Rider Balancing Aids

Depending upon where your horse's anatomy and motion put the saddle (and we don't advise artificially fighting that as long as it's stable and properly supported by the back), the rider may feel tipped forward or back (very rare). There are several ways to balance the rider. In order of effectiveness from least to most to address rider balance: 

  • The Pommel Bolster (or front riser) is a wedge shaped piece that velcros between the seat and the front of the base. It can tip the pelvis a small amount and also narrows the twist and deepens the seat a bit. A popular option for all of these reasons, it can be moved forward and back for a lesser or greater effect.

  • Front Cushion is a flatter triangle that velcros under the seat and can be moved for comfort and effectivements. It will tip the pelvis without adding the bulk of the Pommel Bolster.

  • Panel shims are inserted into the front of the velcro opening panels and don't change the fit to the horse, but lift the rider which also helps the horse so the rider doesn't put the horse on his forehand. 

  • Pad shims are inserted into the front of the pad. This is easiest if switching between horses and only one needs shims. Must be used with pad inserts.

  • The Pocket Shim (wedge in a velcro pocket) for closed panels works for both panel types and gives you the biggest lift in front. These work with the western skirt as well since the inserts aren't accessible.
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Pommel bolster

Can affect the rider's pelvis tilt, refines the twist, and slightly deepens the seat. It goes under the front of the seat, with the wide side toward the pommel and the pointy side toward the rider. It can be moved forward/back for a greater effect.
Riders who have a low pelvic floor may not like the bolster. For those who are looking at the product to tilt the pelvis, one of the other rider balancing aids will have a great effect without discomfort.
To install, release the velcro under the front center of the seat, then tug the seat back over the front dees. Place the bolster and press the seat back into position, making sure all is still symmetrical. Replace the front velcro tab and push the seat back over the front dees. This last part can be difficult, especially when the saddle is new - to make it easier, pull some twine or a shoelace through the dee to give you more leverage.

Panel shims

Beveled wool felt shaped to fit the front of the Ghost panel. Two pieces per side, use the bigger one alone for a 1/4" lift, both together for a 1/2" lift. You can also shim one side more than the other if your horse has a bigger shoulder (shim the smaller shoulder).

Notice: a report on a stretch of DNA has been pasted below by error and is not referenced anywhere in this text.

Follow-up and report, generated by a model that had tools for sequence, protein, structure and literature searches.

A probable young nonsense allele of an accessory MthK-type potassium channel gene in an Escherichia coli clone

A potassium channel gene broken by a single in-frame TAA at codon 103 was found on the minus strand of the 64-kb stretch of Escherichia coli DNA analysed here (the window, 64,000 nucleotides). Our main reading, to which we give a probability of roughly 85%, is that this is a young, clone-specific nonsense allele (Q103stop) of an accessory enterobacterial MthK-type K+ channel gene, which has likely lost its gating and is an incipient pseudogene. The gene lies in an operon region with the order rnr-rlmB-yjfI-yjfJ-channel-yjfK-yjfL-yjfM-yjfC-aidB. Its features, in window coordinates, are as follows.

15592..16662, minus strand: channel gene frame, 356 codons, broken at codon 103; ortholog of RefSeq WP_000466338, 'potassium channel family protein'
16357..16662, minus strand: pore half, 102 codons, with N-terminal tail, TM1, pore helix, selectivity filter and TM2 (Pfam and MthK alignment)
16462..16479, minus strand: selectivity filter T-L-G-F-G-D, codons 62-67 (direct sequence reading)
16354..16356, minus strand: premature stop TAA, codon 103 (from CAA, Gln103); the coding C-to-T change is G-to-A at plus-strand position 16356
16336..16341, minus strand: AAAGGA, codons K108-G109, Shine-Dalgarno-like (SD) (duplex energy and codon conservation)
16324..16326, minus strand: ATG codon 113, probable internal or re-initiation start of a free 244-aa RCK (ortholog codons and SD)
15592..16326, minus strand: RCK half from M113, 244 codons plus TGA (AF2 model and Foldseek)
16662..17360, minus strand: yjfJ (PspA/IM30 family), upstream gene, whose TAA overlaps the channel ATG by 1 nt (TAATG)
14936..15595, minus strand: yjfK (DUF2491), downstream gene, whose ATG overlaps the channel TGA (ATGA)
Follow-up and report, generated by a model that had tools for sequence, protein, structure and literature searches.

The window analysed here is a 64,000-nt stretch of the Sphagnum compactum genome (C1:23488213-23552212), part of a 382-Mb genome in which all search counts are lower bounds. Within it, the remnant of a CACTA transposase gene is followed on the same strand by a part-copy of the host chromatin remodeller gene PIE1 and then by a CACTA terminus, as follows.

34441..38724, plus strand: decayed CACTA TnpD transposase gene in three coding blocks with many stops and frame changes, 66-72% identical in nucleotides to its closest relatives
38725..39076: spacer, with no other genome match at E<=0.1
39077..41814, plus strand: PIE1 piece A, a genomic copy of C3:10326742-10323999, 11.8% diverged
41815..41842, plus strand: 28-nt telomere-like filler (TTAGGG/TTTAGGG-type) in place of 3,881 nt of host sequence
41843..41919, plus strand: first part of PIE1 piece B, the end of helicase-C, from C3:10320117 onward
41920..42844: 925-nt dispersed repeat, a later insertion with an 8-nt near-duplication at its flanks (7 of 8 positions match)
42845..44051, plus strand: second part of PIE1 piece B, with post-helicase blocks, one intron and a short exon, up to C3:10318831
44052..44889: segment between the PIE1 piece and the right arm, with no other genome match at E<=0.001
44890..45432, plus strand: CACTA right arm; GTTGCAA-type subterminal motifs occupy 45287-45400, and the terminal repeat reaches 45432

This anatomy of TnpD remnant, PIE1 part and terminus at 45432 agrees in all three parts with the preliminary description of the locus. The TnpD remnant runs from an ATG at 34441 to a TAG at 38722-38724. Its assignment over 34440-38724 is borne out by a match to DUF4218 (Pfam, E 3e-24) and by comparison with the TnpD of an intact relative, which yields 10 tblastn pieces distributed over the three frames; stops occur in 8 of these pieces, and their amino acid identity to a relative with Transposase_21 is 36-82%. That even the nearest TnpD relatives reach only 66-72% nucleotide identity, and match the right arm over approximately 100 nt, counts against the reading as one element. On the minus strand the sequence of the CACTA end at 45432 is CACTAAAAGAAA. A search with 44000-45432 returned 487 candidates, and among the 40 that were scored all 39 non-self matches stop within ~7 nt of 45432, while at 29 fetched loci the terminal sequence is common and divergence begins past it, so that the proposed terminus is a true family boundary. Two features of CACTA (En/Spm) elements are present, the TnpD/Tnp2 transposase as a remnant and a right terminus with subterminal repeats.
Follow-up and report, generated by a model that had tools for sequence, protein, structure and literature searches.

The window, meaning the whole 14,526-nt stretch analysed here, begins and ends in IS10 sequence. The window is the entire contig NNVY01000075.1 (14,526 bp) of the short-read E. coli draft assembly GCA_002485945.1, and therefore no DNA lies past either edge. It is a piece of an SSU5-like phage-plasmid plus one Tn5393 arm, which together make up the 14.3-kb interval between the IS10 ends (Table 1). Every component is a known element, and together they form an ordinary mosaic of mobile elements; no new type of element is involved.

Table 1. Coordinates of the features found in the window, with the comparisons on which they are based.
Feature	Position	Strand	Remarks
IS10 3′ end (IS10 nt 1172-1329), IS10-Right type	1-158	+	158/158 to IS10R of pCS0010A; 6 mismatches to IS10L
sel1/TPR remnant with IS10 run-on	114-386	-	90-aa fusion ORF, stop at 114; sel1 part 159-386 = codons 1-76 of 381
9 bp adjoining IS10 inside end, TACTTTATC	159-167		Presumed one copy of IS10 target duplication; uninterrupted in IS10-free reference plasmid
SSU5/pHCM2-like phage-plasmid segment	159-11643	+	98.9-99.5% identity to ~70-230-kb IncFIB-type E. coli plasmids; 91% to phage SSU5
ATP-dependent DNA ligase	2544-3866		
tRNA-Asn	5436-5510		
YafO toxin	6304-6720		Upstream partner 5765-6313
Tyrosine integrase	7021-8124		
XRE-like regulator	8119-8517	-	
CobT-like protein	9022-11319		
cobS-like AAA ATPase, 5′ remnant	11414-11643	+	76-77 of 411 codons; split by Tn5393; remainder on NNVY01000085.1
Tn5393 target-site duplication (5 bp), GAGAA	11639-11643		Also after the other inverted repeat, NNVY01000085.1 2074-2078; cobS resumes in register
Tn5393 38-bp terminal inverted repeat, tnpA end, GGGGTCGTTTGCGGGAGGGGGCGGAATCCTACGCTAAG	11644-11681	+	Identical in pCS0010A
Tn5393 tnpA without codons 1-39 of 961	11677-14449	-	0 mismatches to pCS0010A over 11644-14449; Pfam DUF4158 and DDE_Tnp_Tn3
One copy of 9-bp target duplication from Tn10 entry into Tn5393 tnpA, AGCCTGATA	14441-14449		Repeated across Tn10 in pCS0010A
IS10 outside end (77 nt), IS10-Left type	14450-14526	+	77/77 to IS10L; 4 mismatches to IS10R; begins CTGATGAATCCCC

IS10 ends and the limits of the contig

To install, turn your saddle upside down on a level surface. Remove one panel only and open the velcro tab. Push one or both shims to the very front of the panel, close the velcro and reattach to the bottom of the saddle, using the stitch line of the base for positioning while comparing to the panel still in place. Repeat for the other panel.

Pad shims

If panel shims aren't enough or you have closed panels, it's also possible to shim in the pads (although the pocket shims for close panels may be a better option for both cases). You want to make sure you are still using the foam pad inserts so you don't put a transition next to the horse, plus they'll stay in place better.
One advantage of the pad shims is that they are easy to put in place while the saddle is on the horse (not girthed) and can easily be removed if one horse needs shims and another does not.

Pocket shim for closed panels

Wedged shim inserted between base and closed panels. Perfect for those who want the classy look of the closed panels (especially with a matching color/material) but need a little lift in front to balance the rider for horses who might be downhill where the saddle wants to side or who have less curvature than the Ghost base. These work great with velcro opening panels too, and sometimes are a bigger solution than the felt shims that can go inside the panel. Sold in pairs.

Front Cushion

Provides a slight lift of the seat at the front of the saddle without creating extra bulk that can be too much for people with a lower pelvic floor